Elite basketball skills trainer Chris Brickley recently caught up with HoopsHype to talk about his future plans with his clothing company.
Brickley, who played D-I college basketball for the University of Louisville and was a player development coordinator for the New York Knicks, owns BlackOps Basketball. The gym has become the home of legendary pick-up games on Instagram featuring players like Kevin Durant as well as pop stars like Drake and Quavo.
He also launched his own streetwear brand in 2016, called Color Blind, which has since been sported by the likes of world-famous celebrities including Justin Bieber and Khloe Kardashian.
Please note that this interview transcription has been edited for clarity.
Your primary work is as a trainer. But you also own the brand Color Blind. What does your design process look like?
Chris Brickley: Basketball is my main thing and training is first and foremost but I’ve always been into fashion and clothes. That is one of the reasons why I started Color Blind. My manager Alex Koblenz and I come up with our designs in-house. We did the logo and the slogans and we have some really cool collabs coming out in the future but it’s been growing since we started it three or four years ago.
How has Color Blind changed in the years since you first launched it?
CB: Each year it has gotten bigger and bigger and we are looking to try and continue spreading awareness. Social media makes it easier to bring these things to light. When we come out with a cool slogan talking about what we stand for and one of my clients wears it, we have a platform where we can post it and push the brand forward which is good because we stand for the right thing. It is something that I stand by, too.
The name comes from a place of activism, too. How does that manifest itself in the designs?
CB: So many of the conversations we are having right now are about equality and justice. I started the brand looking at everyone as who they are and not their color, race or what they believe in. I just want to look at people for who they are. It represents the light in everyone. Some of the slogans we work with are “no one above no one” and “enough is enough” and those are some of the values that we stand on. I wanted my hat to represent equality, seeing everyone for who they are and not what they look like. The message is important. We try and give a message that is relevant in the world and we try and design something that is fashionable.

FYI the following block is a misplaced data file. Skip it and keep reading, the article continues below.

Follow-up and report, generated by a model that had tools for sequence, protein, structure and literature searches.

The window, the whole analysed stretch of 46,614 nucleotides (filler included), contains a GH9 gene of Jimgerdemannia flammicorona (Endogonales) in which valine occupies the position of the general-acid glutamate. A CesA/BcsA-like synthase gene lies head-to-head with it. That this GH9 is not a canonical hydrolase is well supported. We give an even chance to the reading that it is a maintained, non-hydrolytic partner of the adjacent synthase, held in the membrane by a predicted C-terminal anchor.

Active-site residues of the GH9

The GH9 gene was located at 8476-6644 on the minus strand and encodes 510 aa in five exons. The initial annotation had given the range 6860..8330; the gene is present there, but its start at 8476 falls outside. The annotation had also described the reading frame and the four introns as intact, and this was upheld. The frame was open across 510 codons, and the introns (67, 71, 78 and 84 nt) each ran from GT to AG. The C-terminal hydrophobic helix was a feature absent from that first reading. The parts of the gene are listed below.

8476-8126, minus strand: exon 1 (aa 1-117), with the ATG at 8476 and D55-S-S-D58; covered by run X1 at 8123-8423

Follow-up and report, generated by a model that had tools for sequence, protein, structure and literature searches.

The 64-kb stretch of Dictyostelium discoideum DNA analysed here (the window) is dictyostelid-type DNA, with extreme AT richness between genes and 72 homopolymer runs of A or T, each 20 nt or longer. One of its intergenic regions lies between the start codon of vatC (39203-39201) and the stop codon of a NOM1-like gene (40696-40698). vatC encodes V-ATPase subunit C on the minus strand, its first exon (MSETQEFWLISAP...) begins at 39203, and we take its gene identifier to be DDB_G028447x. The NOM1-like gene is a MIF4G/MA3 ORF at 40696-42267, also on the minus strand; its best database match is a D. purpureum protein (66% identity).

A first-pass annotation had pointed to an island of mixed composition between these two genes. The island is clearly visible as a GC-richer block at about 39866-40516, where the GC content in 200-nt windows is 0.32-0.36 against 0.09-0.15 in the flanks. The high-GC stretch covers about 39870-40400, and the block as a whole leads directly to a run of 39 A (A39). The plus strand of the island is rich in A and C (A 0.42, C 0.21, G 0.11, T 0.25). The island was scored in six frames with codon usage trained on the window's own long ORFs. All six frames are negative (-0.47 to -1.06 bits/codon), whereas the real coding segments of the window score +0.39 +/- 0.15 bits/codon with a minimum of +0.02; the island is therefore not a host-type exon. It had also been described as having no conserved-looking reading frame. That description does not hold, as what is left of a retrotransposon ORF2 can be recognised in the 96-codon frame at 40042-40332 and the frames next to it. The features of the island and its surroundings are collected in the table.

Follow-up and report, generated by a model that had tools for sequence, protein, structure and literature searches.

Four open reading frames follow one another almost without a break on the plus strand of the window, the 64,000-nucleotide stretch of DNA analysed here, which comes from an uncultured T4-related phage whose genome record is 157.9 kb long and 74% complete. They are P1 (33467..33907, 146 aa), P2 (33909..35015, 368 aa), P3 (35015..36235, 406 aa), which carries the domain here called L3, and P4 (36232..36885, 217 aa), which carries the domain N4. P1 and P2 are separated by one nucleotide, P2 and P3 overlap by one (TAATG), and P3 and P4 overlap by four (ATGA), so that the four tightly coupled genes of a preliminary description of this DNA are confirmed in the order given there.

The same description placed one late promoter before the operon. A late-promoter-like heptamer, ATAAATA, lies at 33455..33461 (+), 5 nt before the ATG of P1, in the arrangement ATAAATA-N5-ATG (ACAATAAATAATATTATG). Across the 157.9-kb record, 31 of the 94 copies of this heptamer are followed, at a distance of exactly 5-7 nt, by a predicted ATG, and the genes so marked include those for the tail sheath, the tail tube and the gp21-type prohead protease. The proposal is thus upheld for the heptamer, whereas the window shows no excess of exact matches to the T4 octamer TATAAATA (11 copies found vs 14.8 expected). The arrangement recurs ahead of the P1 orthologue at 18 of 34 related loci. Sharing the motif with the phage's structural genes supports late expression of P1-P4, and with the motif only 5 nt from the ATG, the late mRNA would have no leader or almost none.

You work with some of the best basketball players in the world. What kind of feedback have you have gotten so far?
CB: I’ve shown our designs to my clients and they really like it! I’m not going to tell them to push a brand or push clothes onto someone. If they ask me about it, I’ll show them. I want them to stand for what the brand means and actually like the hat and actually like the piece of clothing. So I keep it organic and I try to design hats and clothes that the players ask me for and will wear before the game or when they are out and about.
What are some of your plans moving forward with your brand?
CB: We are going to do new hat designs with Lids Customs. So you will be able to get our logo on the side of any hat in the store. Then we are going to design our own hat, which is also very exciting. I’m super excited. I’ve been a customer for as long as I can remember growing up in New Hampshire. My father and I used to go to the mall and we would go to Lids. It was really cool to get a hat and so to be the newest brand ambassador means a lot. It’s cool to be collaborating with one of the dopest hat stores in North America. That is a blessing.
When you were a kid, do you have any specific hats that you lusted after or knew you needed to have?
CB: When I was little, growing up in New Hampshire, I used to buy Patriots hats and Red Sox hats and Celtics hats. Those are the teams that I was a fan of and it meant a lot to get one of those because everyone in New England is passionate about those teams. It’s kind of cool to walk into Lids now, being a brand ambassador, and picking out one of those.